- Количество слайдов: 21
THE DISTRIBUTION SYSTEM OF 2015! Independent Beverage Group independentbeveragegroup. com Joe Thompson (843) 384 -0828 [email protected] com Jeanette Foley Corporate 125 Old Plantation Way Fayetteville, GA 30214 (770) 487 -0277 [email protected] com Todd Arnold 4370 Crestone Cir. Broomfield, CO 80023 (303) 410 -7748 toddarnold [email protected] com Gary Styles (916) 791 -3505 9637 Swan Lake Dr. Granite, CA 95746 gstyles [email protected] com
Agenda I. Industry Overview II. Supplier Changes III. Consolidation IV. Perils of Not Eliminating Redundant Cost V. Distribution Systems of 2015! VI. Summary
I. Industry Overview • Volume – Volume is down and it will be for awhile. – Why? • • – Leadership Life cycles of mega brands (6) Pricing Marketing Mega / non-mega confusion Competition for other beverages accelerating – Energy Drinks, Water, Vitamin Water, Coffee, Health Food Beverages. Competition for disposable income increasing. – Lottery, Cigarettes, Gas. Duopoly influence • Characteristics of a duopoly. – Aggressive pricing, reduced service, self-focused, less innovation, protect status quo. » Are we less competitive?
1960 1961 1962 1963 1964 1965 1966 1967 1968 1969 1970 1971 1972 1973 1974 1975 1976 1977 1978 1979 1980 1981 1982 1983 1984 1985 1986 1987 1988 1989 1990 1991 1992 1993 1994 1995 1996 1997 1998 1999 2000 2001 2002 2003 2004 2005 2006 2007 2008 2009 TWO TEXTBOOK PRODUCT LIFE CYCLE CURVES Introduction Growth Maturity Decline Budweiser Standard Product Life Cycle
I. Industry Overview Margins Stable (but) Costs Starting to escalate. Profits Good but no longer growing.
I. Industry Overview • Conclusion – Volume will decline. – Profits will begin to leak slowly. – The duopoly environment is having a predictable effect on our industry. • We are becoming less competitive. – Many products are aggressively going after the shrinking disposable income of consumers. • Consumers are harder to reach with historical beer marketing. • Mega brands have not effectively adjusted to new marketing methods.
II. Supplier Changes ABI network is going non-exclusive. If ABI does nothing they will lose retail performance. Hard for distributors to adjust from old regime to new. ABI focused on savings. Distributors focused on other brands. ABI / distributors are out of sync. The original concern about In. Bev acquisition – “ will they be brand builders”?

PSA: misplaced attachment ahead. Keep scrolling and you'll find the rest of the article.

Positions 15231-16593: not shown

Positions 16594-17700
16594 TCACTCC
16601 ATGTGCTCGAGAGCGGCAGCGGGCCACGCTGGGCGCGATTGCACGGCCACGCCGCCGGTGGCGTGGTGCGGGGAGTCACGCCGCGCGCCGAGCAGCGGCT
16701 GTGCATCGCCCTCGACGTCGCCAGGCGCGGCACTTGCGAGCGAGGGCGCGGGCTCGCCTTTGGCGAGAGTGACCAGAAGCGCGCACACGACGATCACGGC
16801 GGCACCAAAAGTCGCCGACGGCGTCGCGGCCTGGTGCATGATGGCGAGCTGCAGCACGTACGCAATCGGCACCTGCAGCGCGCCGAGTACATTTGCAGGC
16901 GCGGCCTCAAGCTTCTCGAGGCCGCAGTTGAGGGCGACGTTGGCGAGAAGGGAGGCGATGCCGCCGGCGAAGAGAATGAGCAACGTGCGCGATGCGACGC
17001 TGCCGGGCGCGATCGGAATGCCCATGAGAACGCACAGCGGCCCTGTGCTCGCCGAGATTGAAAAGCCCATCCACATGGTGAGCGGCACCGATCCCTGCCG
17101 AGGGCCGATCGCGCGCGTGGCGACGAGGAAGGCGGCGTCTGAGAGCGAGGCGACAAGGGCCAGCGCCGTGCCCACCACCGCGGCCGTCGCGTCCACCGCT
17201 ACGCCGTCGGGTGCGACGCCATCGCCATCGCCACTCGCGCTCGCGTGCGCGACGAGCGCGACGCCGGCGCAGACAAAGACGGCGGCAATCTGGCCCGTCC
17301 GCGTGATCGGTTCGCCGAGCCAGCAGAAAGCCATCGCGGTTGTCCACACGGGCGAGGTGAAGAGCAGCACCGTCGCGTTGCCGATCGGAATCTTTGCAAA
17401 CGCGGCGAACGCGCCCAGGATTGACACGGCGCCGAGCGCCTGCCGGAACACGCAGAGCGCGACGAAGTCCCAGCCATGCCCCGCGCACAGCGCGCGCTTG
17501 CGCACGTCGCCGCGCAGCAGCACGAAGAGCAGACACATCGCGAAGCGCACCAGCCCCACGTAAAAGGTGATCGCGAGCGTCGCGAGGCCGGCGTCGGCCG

II. Supplier Changes • Miller. Coors – Focused on savings. – Culture issues still exist. – Distributors somewhat apprehensive. The question prior to merger was “can they turn around Lite and if yes, can they effectively market 2 premium light beers together. ” • Craft / Imports / Regionals – Looking at ABI distributors more aggressively. Conclusion: 80% of volume focused on saving money. • Old model: volume, brand building. New model: margin, short-term profit.
III. Consolidation Views Of Risk Buyers see Sellers see Less Risk Emotion More Risk Economics 20%++ gap in perceived value difference between seller and buyer. Sellers looking backwards, buyers looking forward. Less aggressive buyers Intense emotion / litigation Slowdown in reducing redundant cost through consolidation.
III. Consolidation • ABI consolidation. – Branches in several major markets. • • • New York, Boston, San Diego, Los Angeles, Miami, Denver. Will buy more major markets when possible. Extra opportunity for markets contiguous to branches. – Economics more difficult than MC. • • Stand alone / horizontal vs. vertical. Buying 50% SOM (stand alone) vs. putting together 25% / 25% (vertical). – This problem creates an opportunity for ABI to seek synergies with another system. – Mega distributor trend vs. culture of control creates potential conflict. – More sellers now than in past. • • Lost emotional hook associated with previous administration. Fear of unknown.
III. Consolidation • MC current consolidation. – 75% combined. • Several others in play. • IBG predicts 90% in next 3 years. – Price / size of remaining non-consolidated distributors an issue. • NY, Ft. Worth, Austin, Philadelphia, Minneapolis, Las Vegas. – Low fruit already picked. • People left are able to stay. – Mega distributors to buy / merge mega distributors soon.